Trouble understanding recursion (Python)

1. May 8, 2013

mrcleanhands

I'm trying to understand a function which draws a koch curve using a library which draws (lt = left turn, fd = move forward, t represents an object class).

Code (Text):

def koch(t, n):
if n<3:
fd(t, n)
return
m = n/3.0
koch(t, m)
lt(t, 60)
koch(t, m)
rt(t, 120)
koch(t, m)
lt(t, 60)
koch(t, m)

So lets say I start with n = 60, then m=20 and it executes koch(t, 20), but it will never get below koch(t,m) as if the number is above 3 then it keep returning to execute itself again.

This is the way I see the code:
Code (Text):
def koch(t, n):
if n<3:
fd(t, n)
return
m = n/3.0
koch(t, m)

I'm confused what happens at this point. Does it continue executing the code right until the last line and then executes each koch(t,m) call separately?

2. May 8, 2013

TylerH

That's what it looks like to me. Have you ran it?

3. May 8, 2013

rcgldr

If n < 3, then koch() calls fd(), not koch(). Otherwise it sets m = n / 3, and makes calls to koch(m,...) (so m will eventually be < 3).

4. May 8, 2013

dkMft

If n<3 is your "base case". It is not defined here what fd() does, but the important thing is that the recursion tree for Koch() stops here. During the execution of Koch() n will never grow, so you are guaranteed that the base case will be hit at some point.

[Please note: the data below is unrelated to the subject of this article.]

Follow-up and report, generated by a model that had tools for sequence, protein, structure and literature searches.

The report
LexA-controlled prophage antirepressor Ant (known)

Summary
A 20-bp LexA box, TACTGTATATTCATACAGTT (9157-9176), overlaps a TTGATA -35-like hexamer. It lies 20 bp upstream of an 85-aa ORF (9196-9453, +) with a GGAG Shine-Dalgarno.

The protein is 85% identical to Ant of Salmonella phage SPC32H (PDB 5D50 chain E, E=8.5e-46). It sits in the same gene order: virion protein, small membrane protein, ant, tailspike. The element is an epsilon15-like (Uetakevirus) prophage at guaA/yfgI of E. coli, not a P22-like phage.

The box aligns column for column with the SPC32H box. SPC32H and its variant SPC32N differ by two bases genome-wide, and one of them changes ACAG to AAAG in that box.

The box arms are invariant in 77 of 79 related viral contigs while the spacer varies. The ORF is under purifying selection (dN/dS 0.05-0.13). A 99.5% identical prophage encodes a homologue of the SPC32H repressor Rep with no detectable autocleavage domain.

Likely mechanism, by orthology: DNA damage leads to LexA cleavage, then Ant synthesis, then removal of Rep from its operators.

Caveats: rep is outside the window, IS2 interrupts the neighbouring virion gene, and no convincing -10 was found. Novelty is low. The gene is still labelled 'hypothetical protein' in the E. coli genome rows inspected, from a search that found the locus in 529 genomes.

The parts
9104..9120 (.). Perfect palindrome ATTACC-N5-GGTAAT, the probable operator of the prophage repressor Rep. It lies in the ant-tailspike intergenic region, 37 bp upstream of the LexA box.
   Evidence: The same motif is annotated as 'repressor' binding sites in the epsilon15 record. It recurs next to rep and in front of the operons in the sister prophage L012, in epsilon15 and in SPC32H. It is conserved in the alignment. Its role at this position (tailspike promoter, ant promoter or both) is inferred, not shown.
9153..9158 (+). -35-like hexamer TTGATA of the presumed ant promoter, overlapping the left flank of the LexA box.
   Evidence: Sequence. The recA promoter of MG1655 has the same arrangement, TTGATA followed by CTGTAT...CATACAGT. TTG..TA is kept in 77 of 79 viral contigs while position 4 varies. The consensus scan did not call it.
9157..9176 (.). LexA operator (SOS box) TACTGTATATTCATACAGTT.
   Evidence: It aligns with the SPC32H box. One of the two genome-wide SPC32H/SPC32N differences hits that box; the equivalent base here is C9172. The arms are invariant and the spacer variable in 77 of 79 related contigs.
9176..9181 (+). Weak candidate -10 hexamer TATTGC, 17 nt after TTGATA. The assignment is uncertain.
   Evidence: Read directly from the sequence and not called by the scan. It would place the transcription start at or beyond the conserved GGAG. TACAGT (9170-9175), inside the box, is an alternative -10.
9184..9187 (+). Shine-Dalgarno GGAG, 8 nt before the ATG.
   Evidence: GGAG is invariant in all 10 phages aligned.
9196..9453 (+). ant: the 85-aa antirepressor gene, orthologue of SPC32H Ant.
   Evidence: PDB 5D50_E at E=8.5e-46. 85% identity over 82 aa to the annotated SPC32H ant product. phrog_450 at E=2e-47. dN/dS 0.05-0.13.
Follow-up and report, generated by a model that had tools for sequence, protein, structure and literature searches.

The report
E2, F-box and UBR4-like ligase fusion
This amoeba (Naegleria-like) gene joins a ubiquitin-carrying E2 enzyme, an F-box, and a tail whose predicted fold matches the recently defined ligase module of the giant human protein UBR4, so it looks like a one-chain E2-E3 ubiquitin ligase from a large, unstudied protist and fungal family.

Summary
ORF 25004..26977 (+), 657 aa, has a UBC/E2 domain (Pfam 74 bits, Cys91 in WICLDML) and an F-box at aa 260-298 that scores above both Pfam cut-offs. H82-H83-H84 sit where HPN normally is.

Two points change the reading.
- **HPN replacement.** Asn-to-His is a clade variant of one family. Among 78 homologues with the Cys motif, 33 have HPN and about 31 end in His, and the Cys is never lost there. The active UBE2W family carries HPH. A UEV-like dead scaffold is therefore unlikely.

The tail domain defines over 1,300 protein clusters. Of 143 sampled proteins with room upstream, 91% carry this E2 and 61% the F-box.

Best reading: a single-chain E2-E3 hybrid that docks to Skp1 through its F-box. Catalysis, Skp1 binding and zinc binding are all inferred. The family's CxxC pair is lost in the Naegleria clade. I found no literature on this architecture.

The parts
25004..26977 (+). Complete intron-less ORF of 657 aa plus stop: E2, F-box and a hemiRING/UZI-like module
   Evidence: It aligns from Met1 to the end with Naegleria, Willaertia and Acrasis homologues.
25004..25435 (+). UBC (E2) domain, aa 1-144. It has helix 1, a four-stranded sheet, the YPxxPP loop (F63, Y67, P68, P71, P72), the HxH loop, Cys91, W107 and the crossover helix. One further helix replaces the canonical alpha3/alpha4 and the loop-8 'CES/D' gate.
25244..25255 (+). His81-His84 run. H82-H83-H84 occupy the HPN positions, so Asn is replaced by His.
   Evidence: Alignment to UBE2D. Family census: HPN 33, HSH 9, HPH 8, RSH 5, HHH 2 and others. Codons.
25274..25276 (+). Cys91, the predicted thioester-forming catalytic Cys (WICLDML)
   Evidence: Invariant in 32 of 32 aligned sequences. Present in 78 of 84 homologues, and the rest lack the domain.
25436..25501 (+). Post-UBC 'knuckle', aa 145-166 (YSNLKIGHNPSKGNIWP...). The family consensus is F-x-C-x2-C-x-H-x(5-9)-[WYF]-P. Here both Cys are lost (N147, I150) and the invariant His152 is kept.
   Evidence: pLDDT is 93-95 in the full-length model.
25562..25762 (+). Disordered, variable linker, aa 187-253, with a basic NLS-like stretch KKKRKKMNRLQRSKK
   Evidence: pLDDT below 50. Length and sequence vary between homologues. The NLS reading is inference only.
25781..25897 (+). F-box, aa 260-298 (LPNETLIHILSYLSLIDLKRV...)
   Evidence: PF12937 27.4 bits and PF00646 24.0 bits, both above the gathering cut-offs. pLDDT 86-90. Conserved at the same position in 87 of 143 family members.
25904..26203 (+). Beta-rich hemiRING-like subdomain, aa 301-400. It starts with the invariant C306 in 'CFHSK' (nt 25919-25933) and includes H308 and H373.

The code below koch(t,m) is not dead code! The recursion tree for Koch(t,m) just needs to bottom out and hit its own base case before returning. Once it does the execution continues as expected, with more Koch() calls and more recursions. They will eventually all stop though.

Edit: To help you visualize what happens, draw a tree for the execution of Koch() with relatively simple values.

Let's say we start with n = 18. Your tree will have a top-most node, where n = 18. Below it will be four nodes connected with lines, each with n = 18/3 = 6. Now each of those four nodes will again have four children (so 4*4=16 children at level 2) and n = 2. Now the tree stops, since n < 3.

To follow the program flow, start at the top and trace the tree down. Start with the leftmost child of the root. Since this child has a leftmost child of its own, trace that line down too. Now you should be at level 2 of the tree in the far left part. What happens now is that the program hits its base case, and starts returning again. So you trace up one node, and follow the line of the second child (the right next to the one you visited before).
This continues until all the child nodes have been visited, in which case you trace back up one level and continue from there with the rest of the un-visited child nodes.

Last edited: May 8, 2013
5. May 8, 2013

AlephZero

I think you are confusing "calling the function recursively" with "jumping back to the top of the function". They are not the same thing.

You might want to try running something like this (I'm not a Python user so apologies for any syntax errors!)
Code (Text):

def koch18(t, n):
m = n/3.0
koch6(t, m)
lt(t, 60)
koch6(t, m)
rt(t, 120)
koch6(t, m)
lt(t, 60)
koch6(t, m)
return

def koch6(t, n):
m = n/3.0
koch2(t, m)
lt(t, 60)
koch2(t, m)
rt(t, 120)
koch2(t, m)
lt(t, 60)
koch2(t, m)
return

def koch2(t, n):
fd(t, n)
return

That code is not recursive. Put some "print" statements so you can see how works when you do "koch18(t,18)".

That version of the code isn't very clever, because obviously "koch18" and "koch6" are almost exactly the same. The point of the recursive version is that you can replace them (and every other "koch..." function) with just ONE function, which calls itself.

Put some print statements in the original version, and compare what "koch(t, 18)" and "koch18(t,18)" do.